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Some Brief and Partial Histories
Photograph: Library of Congress

Some Brief and Partial Histories


Written by
Sasha Fletcher

RECOMMENDED: The best new fiction in NYC

It is said that bandits travel in packs or not at all; it is said that every bandit is alone inside with all of the lives that it took to bring them upon you; it is said that if you kill a bandit that bandit will walk on out your mouth leaving your skin behind and taking with it your teeth and your mouth and anything you possess of value, which has lead some to believe that the bandits will come into possession of their houses, or their wives, or their children, or their gold claims, and now please imagine the bandits proceeding across the country with said wives and children and houses and gold claims tied up in little bundles on sticks rested on their shoulders and who wouldn’t giggle at something as absurd as all that?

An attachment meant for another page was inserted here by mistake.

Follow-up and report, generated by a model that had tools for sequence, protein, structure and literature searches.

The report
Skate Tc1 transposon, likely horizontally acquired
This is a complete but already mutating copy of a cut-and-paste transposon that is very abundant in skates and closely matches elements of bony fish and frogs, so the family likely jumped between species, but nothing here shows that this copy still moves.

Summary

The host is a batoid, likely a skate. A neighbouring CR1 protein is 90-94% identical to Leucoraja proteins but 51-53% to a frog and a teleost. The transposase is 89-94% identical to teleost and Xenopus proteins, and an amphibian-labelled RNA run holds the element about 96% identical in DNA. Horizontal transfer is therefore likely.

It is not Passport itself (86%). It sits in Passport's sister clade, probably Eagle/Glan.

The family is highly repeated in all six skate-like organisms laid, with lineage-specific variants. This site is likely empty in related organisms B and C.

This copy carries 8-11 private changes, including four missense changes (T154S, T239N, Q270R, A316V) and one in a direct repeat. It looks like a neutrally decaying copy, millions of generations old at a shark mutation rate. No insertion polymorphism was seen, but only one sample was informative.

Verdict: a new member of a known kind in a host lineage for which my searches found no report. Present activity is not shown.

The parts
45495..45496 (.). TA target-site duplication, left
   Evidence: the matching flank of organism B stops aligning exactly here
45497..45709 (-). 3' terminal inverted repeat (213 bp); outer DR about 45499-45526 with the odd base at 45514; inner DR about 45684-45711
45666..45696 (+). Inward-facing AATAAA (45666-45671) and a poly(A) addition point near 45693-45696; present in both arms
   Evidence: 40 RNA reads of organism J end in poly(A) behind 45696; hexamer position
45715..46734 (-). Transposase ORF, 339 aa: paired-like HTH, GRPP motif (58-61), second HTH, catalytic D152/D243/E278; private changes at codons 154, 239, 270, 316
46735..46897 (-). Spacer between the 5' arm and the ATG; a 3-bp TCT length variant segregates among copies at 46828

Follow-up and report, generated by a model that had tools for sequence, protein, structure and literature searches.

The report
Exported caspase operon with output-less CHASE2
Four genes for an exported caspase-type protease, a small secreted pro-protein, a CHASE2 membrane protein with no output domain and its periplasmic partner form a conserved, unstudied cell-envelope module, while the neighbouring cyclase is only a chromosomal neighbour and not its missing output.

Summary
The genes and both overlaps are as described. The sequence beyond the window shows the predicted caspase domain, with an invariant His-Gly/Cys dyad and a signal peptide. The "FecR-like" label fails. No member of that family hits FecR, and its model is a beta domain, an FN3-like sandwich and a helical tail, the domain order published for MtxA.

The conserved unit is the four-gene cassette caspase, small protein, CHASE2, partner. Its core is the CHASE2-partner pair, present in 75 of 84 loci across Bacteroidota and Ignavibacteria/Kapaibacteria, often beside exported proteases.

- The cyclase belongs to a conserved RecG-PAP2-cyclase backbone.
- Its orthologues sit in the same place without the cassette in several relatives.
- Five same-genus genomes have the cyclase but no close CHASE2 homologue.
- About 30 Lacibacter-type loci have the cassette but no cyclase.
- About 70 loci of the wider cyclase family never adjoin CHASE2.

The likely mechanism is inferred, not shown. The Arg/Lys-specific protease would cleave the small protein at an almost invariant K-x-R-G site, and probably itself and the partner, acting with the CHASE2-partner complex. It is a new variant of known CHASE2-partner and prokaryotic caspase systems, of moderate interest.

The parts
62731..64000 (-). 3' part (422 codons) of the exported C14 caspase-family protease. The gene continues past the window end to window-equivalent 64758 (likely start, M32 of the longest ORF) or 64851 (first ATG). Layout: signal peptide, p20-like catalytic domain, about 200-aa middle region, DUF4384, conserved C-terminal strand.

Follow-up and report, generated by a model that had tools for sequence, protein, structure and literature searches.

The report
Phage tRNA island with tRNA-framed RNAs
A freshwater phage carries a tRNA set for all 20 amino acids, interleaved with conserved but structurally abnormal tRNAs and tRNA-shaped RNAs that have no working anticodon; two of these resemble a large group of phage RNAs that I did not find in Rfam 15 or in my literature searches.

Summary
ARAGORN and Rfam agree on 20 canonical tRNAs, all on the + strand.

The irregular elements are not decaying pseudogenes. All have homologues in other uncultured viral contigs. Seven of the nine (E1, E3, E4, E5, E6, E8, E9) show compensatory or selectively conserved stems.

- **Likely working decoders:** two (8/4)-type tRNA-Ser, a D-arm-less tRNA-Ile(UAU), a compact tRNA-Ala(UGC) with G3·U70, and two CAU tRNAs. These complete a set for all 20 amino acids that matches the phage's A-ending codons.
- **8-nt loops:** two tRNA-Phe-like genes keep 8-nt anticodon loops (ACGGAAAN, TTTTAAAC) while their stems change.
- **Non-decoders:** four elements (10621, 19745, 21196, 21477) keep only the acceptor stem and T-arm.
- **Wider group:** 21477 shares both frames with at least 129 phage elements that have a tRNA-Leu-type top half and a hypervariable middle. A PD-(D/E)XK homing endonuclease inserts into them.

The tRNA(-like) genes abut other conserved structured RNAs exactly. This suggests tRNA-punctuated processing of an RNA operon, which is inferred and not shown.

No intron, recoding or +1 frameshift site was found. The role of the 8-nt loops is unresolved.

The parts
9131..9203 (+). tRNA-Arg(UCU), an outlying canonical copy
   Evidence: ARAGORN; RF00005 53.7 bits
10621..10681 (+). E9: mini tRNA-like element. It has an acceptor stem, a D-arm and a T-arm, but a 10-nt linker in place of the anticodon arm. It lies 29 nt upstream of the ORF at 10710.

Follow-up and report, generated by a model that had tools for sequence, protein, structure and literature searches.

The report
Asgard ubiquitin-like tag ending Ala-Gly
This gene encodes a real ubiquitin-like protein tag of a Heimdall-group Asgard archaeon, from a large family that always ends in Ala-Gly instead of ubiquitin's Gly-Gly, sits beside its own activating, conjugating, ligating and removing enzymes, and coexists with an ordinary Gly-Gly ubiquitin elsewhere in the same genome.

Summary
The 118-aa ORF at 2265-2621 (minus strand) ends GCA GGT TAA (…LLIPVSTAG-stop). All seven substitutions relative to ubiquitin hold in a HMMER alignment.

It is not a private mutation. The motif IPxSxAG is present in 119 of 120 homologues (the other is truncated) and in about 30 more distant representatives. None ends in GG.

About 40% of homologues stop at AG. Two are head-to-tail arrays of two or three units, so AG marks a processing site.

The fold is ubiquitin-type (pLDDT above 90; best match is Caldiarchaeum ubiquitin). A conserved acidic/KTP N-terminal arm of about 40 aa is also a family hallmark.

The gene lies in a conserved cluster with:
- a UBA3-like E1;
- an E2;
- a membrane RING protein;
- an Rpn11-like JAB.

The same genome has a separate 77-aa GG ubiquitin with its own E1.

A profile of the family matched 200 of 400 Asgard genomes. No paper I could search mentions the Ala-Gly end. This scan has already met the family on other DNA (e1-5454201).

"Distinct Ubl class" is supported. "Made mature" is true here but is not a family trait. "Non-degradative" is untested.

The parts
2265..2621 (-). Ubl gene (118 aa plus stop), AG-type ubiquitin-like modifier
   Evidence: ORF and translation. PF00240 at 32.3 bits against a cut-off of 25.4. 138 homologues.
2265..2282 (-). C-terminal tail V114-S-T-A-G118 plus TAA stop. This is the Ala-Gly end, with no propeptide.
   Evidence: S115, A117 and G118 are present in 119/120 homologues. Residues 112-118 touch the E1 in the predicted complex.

The investigators would not giggle at something as absurd as all that. Their experiments with knit ties have yielded positive results in that they are positive they will continue to wear them. Their belief that it lends a homely touch to their narrative is not without merit but that is neither here nor there, in that if we keep talking about this we will be taken out back and shot and strung up from the back of their train compartment as though we were a sack of meat left out to cure, as they had done for years off the porch of their shack that traversed the country on stilt high legs that we would say were chicken legs if we were the kind of people who wanted to believe in myths. The investigators feel as though the narrative has gotten away from them, and they resent it. Narrative they say We will not tolerate such things as that. Narrative they say You have gotten a bit too carried away with the sound of your own voice, and we would like you to consider this a rebuke of sorts. The narrative considers the rebuke.